Disappearance at Devil’s Rock (2016)
Written by: Paul Tremblay
Pages: 327 (Hardback)
Publisher: William Morrow
Why I Chose It: People have been recommending Paul Tremblay to me ever since his book, A Head Full of Ghosts, came out in 2015. The editor of Speculative Chic, Shara White, who is one of my go-to people for reading recommendations, told me it was the best book she read all year. I finally read it at the end of last year. The book is told from the point-of-a-view of a young girl whose older sister is either experiencing severe mental illness or a demonic possession. The desperate and cash-strapped parents allow a reality TV show to film their daughter’s exorcism. I found the book’s ending frustrating but it was clear that Tremblay is a talented writer and a master of suspense. When Speculative Chic asked for people willing to review the nominees for the Bram Stoker Awards, I knew I had to immediately stake a claim on Tremblay’s newest book.
A family is shaken to its core after the mysterious disappearance of a teenage boy in this eerie tale, a blend of literary fiction, psychological suspense, and supernatural horror from the author of A Head Full of Ghosts.
“A Head Full of Ghosts scared the living hell out of me, and I’m pretty hard to scare,” raved Stephen King about Paul Tremblay’s previous novel. Now, Tremblay returns with another disturbing tale sure to unsettle readers.
Late one summer night, Elizabeth Sanderson receives the devastating news that every mother fears: her thirteen-year-old son, Tommy, has vanished without a trace in the woods of a local park.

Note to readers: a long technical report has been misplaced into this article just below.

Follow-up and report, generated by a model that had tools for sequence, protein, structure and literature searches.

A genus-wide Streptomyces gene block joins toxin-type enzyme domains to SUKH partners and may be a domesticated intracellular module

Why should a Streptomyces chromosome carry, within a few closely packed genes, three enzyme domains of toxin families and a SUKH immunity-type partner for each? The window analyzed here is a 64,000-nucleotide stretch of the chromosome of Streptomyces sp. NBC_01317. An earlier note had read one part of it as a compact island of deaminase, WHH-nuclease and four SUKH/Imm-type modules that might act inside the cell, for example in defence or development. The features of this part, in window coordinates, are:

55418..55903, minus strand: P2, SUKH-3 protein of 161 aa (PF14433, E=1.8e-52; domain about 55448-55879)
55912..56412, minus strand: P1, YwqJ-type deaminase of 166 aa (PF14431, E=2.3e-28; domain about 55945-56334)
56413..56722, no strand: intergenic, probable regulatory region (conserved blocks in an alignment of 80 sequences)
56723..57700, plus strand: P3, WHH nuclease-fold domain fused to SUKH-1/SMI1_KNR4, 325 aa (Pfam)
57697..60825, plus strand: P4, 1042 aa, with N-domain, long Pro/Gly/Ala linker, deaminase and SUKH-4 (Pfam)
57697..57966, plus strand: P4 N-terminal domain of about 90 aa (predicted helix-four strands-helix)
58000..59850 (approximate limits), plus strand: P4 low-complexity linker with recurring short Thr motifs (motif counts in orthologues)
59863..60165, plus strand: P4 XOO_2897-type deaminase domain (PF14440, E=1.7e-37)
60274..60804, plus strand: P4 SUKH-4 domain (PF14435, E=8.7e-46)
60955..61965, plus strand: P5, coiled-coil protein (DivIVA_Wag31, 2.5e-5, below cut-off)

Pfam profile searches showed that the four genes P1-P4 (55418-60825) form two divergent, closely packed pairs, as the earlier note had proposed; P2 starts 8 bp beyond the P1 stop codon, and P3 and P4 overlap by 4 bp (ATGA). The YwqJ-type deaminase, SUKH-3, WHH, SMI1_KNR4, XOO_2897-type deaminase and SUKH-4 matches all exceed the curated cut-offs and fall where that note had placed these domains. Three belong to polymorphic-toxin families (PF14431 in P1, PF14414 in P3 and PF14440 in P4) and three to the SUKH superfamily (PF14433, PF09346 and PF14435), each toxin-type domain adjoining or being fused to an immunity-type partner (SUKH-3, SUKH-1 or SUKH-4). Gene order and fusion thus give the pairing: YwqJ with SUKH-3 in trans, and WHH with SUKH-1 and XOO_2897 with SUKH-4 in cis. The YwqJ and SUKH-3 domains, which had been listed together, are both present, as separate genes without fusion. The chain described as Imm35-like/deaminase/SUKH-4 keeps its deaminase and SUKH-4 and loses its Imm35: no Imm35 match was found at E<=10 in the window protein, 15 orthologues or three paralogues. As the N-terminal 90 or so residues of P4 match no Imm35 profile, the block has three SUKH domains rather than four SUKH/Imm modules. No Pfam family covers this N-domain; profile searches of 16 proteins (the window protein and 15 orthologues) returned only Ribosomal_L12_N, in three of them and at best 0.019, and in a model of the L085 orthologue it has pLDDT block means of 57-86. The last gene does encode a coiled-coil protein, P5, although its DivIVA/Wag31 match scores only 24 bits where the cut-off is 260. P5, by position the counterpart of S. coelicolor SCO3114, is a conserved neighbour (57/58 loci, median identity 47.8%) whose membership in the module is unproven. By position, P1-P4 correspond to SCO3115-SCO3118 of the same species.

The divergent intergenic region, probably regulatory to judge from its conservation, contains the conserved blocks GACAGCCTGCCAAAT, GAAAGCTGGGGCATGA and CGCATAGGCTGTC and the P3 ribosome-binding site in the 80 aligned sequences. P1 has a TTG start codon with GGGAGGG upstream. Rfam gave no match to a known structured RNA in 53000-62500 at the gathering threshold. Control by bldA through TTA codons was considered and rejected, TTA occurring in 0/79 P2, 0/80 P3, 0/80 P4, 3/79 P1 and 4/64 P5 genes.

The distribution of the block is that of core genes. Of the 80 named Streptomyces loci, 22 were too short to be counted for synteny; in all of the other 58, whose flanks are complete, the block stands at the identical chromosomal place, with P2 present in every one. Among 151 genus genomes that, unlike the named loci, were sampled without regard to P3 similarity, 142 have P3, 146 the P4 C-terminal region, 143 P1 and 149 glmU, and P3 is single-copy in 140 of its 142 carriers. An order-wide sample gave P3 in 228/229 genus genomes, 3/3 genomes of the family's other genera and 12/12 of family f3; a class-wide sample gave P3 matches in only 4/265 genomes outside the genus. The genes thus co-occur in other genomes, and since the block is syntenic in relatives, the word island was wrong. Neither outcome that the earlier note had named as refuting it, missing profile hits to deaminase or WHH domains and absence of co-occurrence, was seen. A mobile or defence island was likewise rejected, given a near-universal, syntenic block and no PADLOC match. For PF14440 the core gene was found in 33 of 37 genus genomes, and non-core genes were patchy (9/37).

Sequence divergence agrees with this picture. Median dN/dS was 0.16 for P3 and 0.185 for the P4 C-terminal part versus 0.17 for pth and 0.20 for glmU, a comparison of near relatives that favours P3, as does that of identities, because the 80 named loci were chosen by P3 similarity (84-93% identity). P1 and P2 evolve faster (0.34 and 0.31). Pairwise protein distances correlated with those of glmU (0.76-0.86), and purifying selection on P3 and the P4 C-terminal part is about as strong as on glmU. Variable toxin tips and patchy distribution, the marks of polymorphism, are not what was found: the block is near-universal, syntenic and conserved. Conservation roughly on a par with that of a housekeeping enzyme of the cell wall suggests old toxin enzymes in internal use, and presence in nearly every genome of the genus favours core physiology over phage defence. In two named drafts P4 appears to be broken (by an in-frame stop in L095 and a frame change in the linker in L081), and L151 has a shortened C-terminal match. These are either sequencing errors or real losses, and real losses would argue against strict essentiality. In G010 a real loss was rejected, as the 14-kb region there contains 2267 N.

The search isn’t yielding any answers, and Elizabeth and her young daughter, Kate, struggle to comprehend Tommy’s disappearance. Feeling helpless and alone, their sorrow is compounded by anger and frustration: the local and state police have uncovered no leads. Josh and Luis, the friends who were the last to see Tommy before he vanished, may not be telling the whole truth about that night in Borderland State Park, when they were supposedly hanging out a landmark the local teens have renamed Devil’s Rock.
Living in an all-too-real nightmare, riddled with worry, pain, and guilt, Elizabeth is wholly unprepared for the strange series of events that follow. She believes a ghostly shadow of Tommy materializes in her bedroom, while Kate and other local residents claim to see a shadow peering through their windows in the dead of night. Then, random pages torn from Tommy’s journal begin to mysteriously appear — entries that reveal an introverted teenager obsessed with the phantasmagoric; the loss of his father, killed in a drunk-driving accident a decade earlier; a folktale involving the devil and the woods of Borderland; and a horrific incident that Tommy believed connects them.
As the search grows more desperate, and the implications of what happened become more haunting and sinister, no one is prepared for the shocking truth about that night and Tommy’s disappearance at Devil’s Rock.
Discussion: This book could have easily been forgettable and unoriginal because the drama of a missing person is well-trod territory in both horror and non-speculative fiction. Even the Devil’s Rock itself was a cliché danger zone since every town in America has one. Near my hometown, there is a field of boulders known as the Devil’s Marbleyard. In Tremblay’s capable hands, this familiar story is made new and terrifying again. The book also includes elements of a detective story as Elizabeth, Tommy’s mother, pieces together a portrait of Tommy from his diary and friends.